Individualized DAA Therapy Guided by Resistance Analysis May Improve HCV Treatment Outcomes

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Tailoring treatment based on baseline resistance-associated substitutions status may optimize hepatitis C virus outcomes.
Tailoring treatment based on baseline resistance-associated substitutions status may optimize hepatitis C virus outcomes.

For patients infected with hepatitis C virus (HCV) genotype 1 and with risk factors for treatment failure, tailoring treatment on the basis of baseline resistance-associated substitutions (RASs) status may optimize treatment efficacy, according to results published online in the Journal of Infection and Chemotherapy.

The study included 319 participants with HCV genotype 1 from a German university hospital. The researchers used population-based sequencing of NS3 and NS5A genes on each participant. Treatment was individually selected for each participant on the basis of resistance analysis.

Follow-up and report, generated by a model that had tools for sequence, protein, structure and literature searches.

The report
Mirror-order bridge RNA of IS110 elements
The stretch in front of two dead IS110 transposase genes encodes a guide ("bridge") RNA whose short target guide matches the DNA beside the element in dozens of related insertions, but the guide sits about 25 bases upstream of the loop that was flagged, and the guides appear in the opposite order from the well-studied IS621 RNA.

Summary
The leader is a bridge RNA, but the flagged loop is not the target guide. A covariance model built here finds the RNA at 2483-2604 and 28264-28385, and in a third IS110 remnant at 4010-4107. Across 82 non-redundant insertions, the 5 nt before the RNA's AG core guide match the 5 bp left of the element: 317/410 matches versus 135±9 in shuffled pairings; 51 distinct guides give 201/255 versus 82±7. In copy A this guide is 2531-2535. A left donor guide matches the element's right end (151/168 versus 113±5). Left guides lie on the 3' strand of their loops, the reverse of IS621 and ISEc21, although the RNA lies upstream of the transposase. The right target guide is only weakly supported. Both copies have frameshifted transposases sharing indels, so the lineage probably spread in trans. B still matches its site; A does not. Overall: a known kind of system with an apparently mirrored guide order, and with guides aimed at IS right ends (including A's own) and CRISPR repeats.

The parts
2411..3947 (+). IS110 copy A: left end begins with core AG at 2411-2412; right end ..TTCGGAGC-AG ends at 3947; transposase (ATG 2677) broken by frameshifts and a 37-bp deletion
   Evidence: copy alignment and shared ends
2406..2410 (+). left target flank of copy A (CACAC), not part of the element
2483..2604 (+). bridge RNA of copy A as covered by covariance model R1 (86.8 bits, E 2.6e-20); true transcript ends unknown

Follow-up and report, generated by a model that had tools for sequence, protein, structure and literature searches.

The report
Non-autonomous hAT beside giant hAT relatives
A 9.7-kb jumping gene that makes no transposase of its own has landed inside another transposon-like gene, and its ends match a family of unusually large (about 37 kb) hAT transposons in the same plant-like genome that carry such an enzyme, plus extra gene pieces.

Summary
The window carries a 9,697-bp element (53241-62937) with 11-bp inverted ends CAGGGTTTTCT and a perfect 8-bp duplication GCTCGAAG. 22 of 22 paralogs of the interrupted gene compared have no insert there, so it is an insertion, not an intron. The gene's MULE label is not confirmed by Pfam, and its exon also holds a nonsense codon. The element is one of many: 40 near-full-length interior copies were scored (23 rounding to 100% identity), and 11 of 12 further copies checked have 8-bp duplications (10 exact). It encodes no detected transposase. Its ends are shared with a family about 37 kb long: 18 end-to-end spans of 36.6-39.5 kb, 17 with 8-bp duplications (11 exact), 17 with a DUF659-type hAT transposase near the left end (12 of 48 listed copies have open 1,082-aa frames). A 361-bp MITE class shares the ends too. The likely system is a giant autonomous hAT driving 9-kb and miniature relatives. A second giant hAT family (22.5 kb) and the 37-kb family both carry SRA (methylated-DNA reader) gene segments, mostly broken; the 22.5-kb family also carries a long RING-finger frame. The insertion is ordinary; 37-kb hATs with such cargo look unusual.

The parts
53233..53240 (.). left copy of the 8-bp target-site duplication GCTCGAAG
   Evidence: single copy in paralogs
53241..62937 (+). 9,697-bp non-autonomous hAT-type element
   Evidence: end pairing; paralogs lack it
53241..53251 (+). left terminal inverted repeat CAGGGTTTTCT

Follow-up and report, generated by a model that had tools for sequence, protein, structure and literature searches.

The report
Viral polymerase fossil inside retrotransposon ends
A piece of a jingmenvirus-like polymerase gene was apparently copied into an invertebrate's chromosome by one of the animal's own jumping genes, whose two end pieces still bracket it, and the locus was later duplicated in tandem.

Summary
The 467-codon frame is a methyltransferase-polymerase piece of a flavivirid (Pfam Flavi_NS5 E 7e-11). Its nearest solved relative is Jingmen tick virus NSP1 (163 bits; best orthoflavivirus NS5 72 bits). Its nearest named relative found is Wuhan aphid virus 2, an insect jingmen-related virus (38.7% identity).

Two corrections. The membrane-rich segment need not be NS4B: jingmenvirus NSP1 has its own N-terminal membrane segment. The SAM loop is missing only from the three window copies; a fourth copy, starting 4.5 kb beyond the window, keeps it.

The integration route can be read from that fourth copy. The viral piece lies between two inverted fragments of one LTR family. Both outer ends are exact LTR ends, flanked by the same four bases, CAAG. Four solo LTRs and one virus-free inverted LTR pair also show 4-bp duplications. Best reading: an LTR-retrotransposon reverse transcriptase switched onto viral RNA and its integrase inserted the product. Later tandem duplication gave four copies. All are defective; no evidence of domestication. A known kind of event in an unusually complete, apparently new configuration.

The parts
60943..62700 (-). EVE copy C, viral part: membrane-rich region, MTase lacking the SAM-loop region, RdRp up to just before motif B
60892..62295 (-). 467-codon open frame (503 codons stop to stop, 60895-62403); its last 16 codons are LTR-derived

With the treatment choice based on baseline NS3 and NS5A resistance profiles, participants across all subgroups had sustained virologic response (SVR) rates between 96% and 100%.­

Among all participants, the overall SVR rate was 97.5% (n=311/319). In participants without cirrhosis, the SVR rate was 97.8% (n=219/224). For patients with cirrhosis, the SVR rate was 96.8% (n=92/95).

Among treatment-naive participants, the SVR rate was 98.1% (158/161). In treatment-experienced patients, the SVR rate was 96.8% (153/158).

"Our results do not imply a benefit for resistance testing in treatment naïve patients without cirrhosis and in patients infected with HCV subtype 1b. However, resistance testing may help optimize response rates in cirrhotic patients with prior treatment failure and infected with HCV genotype 1a," the researchers wrote.

Reference

Peiffer K, Vermehren J, Kuhnhenn L, et al. Interferon-free treatment choice according to baseline RASs leads to high SVR rates in HCV genotype 1 infected patients [published online April 5, 2018]. J Infect Chemother. doi: 10.1016/j.jiac.2018.02.008

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